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Autumn 2016


imaging; clinical medicine

series of brain scan images

Does a young woman’s recurring flank pain warrant a CT scan or is she better off undergoing an ultrasound?

To help clinicians choose the most appropriate imaging test for a patient, HMS is launching the Library of Evidence, a publicly accessible digital repository of medical evidence. Initially focused on imaging, the long-term goal of the database is to include laboratory testing and other medical procedures that require evidence-based support tools.

“The overarching goals are to improve patient care and curb wasteful imaging by optimizing clinicians’ ability to choose the most appropriate imaging,” says David Osterbur, director of Public and Access Services at the Francis A. Countway Library of Medicine and co-executive director of the Library of Evidence.

Adds Ramin Khorasani, an HMS professor of radiology at Brigham and Women’s Hospital and chair of the new library’s governing council, “The library is an important step toward organizing what is known to help advance the goal of evidence-based practice in a concrete way.”

The Library of Evidence database contains clinical information compiled from the review and scoring of scientific evidence, published research, and professional organizations’ imaging guidelines.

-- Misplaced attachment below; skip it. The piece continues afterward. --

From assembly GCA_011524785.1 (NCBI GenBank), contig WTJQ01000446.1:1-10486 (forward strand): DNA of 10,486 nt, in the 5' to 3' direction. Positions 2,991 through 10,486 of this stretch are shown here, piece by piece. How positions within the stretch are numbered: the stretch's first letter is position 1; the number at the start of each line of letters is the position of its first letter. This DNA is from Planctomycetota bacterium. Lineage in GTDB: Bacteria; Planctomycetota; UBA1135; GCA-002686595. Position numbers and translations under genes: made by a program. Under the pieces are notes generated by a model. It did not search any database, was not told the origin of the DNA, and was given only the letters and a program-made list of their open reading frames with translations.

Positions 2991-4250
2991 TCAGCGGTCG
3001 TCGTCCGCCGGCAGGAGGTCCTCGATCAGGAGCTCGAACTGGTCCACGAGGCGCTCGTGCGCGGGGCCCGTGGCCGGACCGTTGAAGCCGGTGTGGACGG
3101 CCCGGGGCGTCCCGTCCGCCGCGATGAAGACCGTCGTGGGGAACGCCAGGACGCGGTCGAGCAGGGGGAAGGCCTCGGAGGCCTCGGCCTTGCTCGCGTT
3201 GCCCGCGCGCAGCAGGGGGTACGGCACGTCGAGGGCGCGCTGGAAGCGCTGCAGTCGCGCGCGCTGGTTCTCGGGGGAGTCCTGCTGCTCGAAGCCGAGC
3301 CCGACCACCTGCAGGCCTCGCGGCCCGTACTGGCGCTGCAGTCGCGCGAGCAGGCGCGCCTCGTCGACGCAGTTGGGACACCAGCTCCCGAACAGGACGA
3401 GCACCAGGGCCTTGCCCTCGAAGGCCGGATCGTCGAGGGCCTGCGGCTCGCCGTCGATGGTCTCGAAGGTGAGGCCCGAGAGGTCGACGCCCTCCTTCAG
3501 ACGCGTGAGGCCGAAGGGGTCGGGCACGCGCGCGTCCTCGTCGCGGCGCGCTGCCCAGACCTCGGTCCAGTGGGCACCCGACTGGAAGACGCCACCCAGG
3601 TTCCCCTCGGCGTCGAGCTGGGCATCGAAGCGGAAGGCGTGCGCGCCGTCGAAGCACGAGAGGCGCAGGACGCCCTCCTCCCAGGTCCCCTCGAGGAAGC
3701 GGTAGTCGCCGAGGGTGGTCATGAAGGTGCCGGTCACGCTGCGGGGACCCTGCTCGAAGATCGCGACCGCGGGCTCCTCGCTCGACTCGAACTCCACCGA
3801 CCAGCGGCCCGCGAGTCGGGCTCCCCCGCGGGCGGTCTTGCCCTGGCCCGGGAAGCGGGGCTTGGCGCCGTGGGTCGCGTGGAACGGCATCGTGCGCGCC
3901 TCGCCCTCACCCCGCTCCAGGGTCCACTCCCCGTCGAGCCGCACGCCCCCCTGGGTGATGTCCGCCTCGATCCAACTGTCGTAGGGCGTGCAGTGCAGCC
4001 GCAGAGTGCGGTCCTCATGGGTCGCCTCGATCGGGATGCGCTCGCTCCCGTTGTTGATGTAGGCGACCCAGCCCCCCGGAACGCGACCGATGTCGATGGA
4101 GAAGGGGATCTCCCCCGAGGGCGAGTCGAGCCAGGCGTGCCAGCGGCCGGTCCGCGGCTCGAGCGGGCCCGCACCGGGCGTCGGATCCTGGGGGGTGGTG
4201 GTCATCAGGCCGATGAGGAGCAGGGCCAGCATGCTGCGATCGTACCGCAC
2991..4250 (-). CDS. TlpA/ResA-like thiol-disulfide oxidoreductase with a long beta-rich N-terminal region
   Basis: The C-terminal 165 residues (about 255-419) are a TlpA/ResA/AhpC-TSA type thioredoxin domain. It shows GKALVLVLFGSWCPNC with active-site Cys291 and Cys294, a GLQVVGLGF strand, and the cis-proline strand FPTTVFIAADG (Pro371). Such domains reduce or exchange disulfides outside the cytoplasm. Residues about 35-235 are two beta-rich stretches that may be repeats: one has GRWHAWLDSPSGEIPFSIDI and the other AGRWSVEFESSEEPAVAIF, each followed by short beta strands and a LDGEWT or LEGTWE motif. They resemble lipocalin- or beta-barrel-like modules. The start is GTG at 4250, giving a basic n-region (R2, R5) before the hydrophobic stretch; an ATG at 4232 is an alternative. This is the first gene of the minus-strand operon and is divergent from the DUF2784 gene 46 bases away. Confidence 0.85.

Free and accessible to clinicians worldwide, the library can be embedded into various clinical information systems used by individual practices and hospitals. If a physician is ordering a CT scan for a patient with back pain, for example, the system might indicate an ultrasound instead and provide evidence-based recommendations as support for the analysis.

In an era of rushed appointments, physicians may have become overly reliant on imaging. The Library of Evidence is designed to curb this practice by providing clinicians with readily accessible medical evidence for each clinical scenario.

The most important benefit of evidence-based decision making, the HMS team says, is improving quality of care.

The launch of the library may be particularly timely for clinicians caring for Medicare and Medicaid patients. Federal legislation requiring clinicians to consult “appropriate-use” criteria using certified decision-support systems is slated to go into effect in 2018.

Information for physicians is available at the Library of Evidence website.  

Image: iStock

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